The second and last time I visited, I went alone. My family took my nana up north for a weekend and I was to go visit my grandpa on the Friday and tell him and the nurses that Nana would be back on Monday. He called me Winifred. He told me of how we were going to meet his mother and how she would love me. He called me Christine and asked me if I had taken the train from London. He asked me about the trains, about his brothers, about the war. He told me as we passed another man, that the man was a Nazi and we were in a POW camp. He was waiting for the war to end. From one end of the single floor hall to the other was many stories to him, and yet he couldn't recall where the stairs were. The struggle he had to use basic words, forgetting their meaning, it was so painful. I bought him a mars bar and we sat in the sunroom and watched the birds. I no longer knew what to say. In the end, I was there an hour before I practically ran out the doors.
For weeks I cried. We all prayed secretly that he would pass soon. Not too painful, just anything to save him from the end of this disease. He got sick. Many times. He got very ill and ended up in hospital a lot. We all quietly met at my nana's house, and though nobody said outright, it was said. Each time he recovered. He got better than doctors ever thought he would. My Nana said, stop telling me he's going to die, until he is actually going to die, my heart can't take it. We all laughed, but it really wasn't all that funny for once.
I graduated and moved away. I had been gone two years. Last May my mother messaged me on MSN. She said, your grandfather is very ill. This might be his last night. I said oh. I then said, you know, if he doesn't die quietly this time I may just have to kill him myself. We laughed. And then my mother had to go because they were taking nana out for something nice to eat then going to the hospital to be with him.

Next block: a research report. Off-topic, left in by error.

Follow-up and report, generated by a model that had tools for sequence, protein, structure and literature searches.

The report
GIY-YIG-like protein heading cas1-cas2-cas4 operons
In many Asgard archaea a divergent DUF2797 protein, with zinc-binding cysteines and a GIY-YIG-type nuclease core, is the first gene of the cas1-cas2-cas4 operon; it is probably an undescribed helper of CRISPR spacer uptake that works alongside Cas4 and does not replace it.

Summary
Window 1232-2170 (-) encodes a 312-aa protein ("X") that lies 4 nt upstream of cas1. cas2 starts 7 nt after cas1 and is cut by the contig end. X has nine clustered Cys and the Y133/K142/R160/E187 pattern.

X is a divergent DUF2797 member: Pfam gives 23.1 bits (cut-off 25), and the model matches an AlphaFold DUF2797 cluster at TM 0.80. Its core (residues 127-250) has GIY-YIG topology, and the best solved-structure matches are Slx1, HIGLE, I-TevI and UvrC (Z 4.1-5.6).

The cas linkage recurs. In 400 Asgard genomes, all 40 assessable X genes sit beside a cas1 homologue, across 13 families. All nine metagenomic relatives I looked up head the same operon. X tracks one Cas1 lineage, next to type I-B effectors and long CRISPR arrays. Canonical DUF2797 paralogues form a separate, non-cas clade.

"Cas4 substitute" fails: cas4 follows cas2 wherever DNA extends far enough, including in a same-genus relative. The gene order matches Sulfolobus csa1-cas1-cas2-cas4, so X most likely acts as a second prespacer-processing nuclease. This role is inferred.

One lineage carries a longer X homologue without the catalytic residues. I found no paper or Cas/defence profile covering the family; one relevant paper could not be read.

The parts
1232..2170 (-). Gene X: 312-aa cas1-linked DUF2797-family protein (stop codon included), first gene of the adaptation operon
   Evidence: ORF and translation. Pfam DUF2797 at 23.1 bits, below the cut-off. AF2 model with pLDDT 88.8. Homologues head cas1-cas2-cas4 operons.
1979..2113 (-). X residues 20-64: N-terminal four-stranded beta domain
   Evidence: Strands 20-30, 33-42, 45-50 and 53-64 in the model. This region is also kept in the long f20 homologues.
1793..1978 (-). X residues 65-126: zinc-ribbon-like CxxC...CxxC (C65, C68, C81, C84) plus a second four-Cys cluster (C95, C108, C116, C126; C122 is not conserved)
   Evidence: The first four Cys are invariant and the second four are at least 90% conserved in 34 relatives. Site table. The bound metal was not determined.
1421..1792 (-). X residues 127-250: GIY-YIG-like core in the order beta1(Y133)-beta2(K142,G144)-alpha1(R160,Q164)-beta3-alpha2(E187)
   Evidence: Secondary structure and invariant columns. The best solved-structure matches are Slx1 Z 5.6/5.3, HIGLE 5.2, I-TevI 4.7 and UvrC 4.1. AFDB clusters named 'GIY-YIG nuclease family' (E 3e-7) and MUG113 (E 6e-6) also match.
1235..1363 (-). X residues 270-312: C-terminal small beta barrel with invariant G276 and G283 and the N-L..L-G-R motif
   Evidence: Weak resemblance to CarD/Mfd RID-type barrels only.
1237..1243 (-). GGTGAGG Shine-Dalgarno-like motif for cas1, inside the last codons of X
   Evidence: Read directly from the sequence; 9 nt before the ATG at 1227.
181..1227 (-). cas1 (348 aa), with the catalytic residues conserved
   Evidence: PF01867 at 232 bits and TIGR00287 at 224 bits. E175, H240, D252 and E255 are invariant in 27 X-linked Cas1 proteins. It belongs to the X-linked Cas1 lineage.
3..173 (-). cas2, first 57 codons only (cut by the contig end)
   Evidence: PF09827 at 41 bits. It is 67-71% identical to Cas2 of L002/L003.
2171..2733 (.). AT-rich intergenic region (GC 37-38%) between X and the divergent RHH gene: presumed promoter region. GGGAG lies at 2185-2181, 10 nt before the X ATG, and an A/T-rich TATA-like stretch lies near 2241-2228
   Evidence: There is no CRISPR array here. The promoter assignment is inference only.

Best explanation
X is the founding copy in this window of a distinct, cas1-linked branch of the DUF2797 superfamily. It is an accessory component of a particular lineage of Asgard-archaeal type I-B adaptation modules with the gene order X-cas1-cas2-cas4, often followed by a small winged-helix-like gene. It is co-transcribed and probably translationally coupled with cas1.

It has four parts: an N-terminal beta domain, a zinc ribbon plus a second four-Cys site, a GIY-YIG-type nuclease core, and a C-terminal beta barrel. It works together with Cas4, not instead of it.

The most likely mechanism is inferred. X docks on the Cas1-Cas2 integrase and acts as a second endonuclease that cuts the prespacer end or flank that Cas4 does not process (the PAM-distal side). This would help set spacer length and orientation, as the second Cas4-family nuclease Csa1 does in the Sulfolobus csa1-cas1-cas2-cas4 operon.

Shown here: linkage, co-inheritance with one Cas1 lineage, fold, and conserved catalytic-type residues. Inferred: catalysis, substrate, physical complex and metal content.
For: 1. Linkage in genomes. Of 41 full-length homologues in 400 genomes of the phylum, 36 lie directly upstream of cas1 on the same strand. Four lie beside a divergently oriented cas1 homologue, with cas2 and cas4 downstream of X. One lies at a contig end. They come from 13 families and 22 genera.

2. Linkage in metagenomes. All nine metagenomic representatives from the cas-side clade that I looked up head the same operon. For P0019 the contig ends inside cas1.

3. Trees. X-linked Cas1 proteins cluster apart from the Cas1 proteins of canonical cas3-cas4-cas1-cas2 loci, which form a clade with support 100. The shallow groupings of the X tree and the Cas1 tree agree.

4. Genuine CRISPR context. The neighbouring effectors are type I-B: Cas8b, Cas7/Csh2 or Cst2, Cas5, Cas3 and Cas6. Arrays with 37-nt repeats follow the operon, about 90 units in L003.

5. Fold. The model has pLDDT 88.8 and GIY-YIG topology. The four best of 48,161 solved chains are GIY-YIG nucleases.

A few hours later, I am beginning some form of party. I can't recall the occasion, but I know my house was full of people and I had been about to call out some form of toast . . . perhaps the end of the school year, or a friend's graduation . . . then my phone rang. I answered it in some dumb fashion and I got "this is your father speaking" and I was like oh no. He told me my grandpa has just died and I started to cry and said he was a mean jerk and how could anyone think this was a funny joke. I was screaming "Stop it!" over and over again into the phone until someone took it away from me. When I calmed down I took it back, and my dad told me that this was serious. I asked if I was to come home. They said not yet.
The funeral was a year ago, on Mother's Day.
I couldn't cry. During the service, I started bawling uncontrollably after a good bout of laughter. The canon or maybe the eulogist had made a remark which I could not stifle myself. Here I am, front pew of the church, laughing uncontrollably. People whispered. I heard them. And then I let forth the biggest tearfest I had had in a long time.
Every morning when I make my toast, which I used to prefer lightly done, I think of him. Every time I work with elderly people, I think of him. The smell of pipe tobacco, doublemint gum, licorice alsorts, the sound of pencils on crossword books. Jig saw puzzles. Grandpas buying children ice cream or just watching approvingly over their family makes me think of him. I loved him, and I never said. My actions were selfish and rude. I was scared of him, and then when that had started to pass I turned my back because I could not understand or deal with the situation.
My family says it's normal. I have never said outright my reasonings, or anything of the sort. They prefer that I remember my grandpa as the man he was when I was young. My dad always says, the truth of it is that he was sick all through my childhood, we just didn't know it yet at some points. But even still. My grandpa was amazing, it was only in my teenage years that I was so cruel.
I wish I had of had more time.